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Release thresholds for moss spores: the importance of turbulence and sporophyte length
Stockholm University, Faculty of Science, Department of Ecology, Environment and Plant Sciences.
Stockholm University, Faculty of Science, Department of Ecology, Environment and Plant Sciences.
Stockholm University, Faculty of Science, Department of Ecology, Environment and Plant Sciences.
2014 (English)In: Journal of Ecology, ISSN 0022-0477, E-ISSN 1365-2745, Vol. 102, no 3, 721-729 p.Article in journal (Refereed) Published
Abstract [en]

Adequately describing the dispersal mechanisms of a species is important for understanding and predicting its distribution dynamics in space and time. For wind-dispersed species, the transportation of airborne propagules is comparatively well studied, while the mechanisms triggering propagule release are poorly understood, especially for cryptogams. We investigated the effect of wind speed and turbulence on spore release in the moss Atrichum undulatum in a wind tunnel. Specifically, we measured the amount of spores released from sporophytes when exposed to different wind speeds, in high and low turbulence, using a particle counter. We also related spore release to variation in vibrations of the sporophyte and investigated how the vibrations were affected by wind speed, turbulence and sporophyte length (here including capsule, seta and the top part of the shoot). We show that in high turbulence, the amount of spores released increased with increasing wind speed, while in low turbulence, it did not, within the wind speed range 0.8-4.3ms(-1). However, there was a threshold in wind speed (similar to 2.5-3ms(-1)) before large amounts of spores started to be released in turbulent flow, which coincided with incipient vibrations of the sporophyte. Thresholds in wind variation, rather than average wind speed, seemed to initiate sporophyte vibrations. The vibration threshold increased with decreasing sporophyte length. The deposition of spores near the source decreased with increasing wind variation during the time of their release, based on simulated spore deposition from another study of moss dispersal. Synthesis. We suggest that vibration of moss sporophytes is an important mechanism to regulate spore release and that turbulence and sporophyte length regulate the onset of sporophyte vibration. Spore release thresholds affect dispersal distances and have implications for our understanding and predictions of species distribution patterns, population dynamics and persistence. The mechanisms of this phase of the dispersal process are also important to explore for other species, as there may be a substantial variation depending on the species' different traits.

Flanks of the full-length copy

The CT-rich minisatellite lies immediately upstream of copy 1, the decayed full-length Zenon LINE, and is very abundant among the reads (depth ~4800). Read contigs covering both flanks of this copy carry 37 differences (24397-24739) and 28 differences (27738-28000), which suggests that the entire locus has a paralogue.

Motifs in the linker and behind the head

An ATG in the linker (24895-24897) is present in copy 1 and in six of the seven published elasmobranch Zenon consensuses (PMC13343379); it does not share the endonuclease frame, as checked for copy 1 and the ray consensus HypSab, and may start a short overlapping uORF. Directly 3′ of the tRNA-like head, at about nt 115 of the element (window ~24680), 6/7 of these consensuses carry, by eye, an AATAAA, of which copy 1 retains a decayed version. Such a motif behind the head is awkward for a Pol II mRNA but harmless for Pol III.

Place, publisher, year, edition, pages
2014. Vol. 102, no 3, 721-729 p.
Keyword [en]
wind speed variation, diaspores, wind tunnel, propagules, dispersal, vibration, bryophytes, abscission
National Category
Botany Ecology
URN: urn:nbn:se:su:diva-103263DOI: 10.1111/1365-2745.12245ISI: 000334588300018OAI: diva2:719281


Available from: 2014-05-23 Created: 2014-05-12 Last updated: 2014-05-23Bibliographically approved

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Johansson, VictorLönnell, NiklasHylander, Kristoffer
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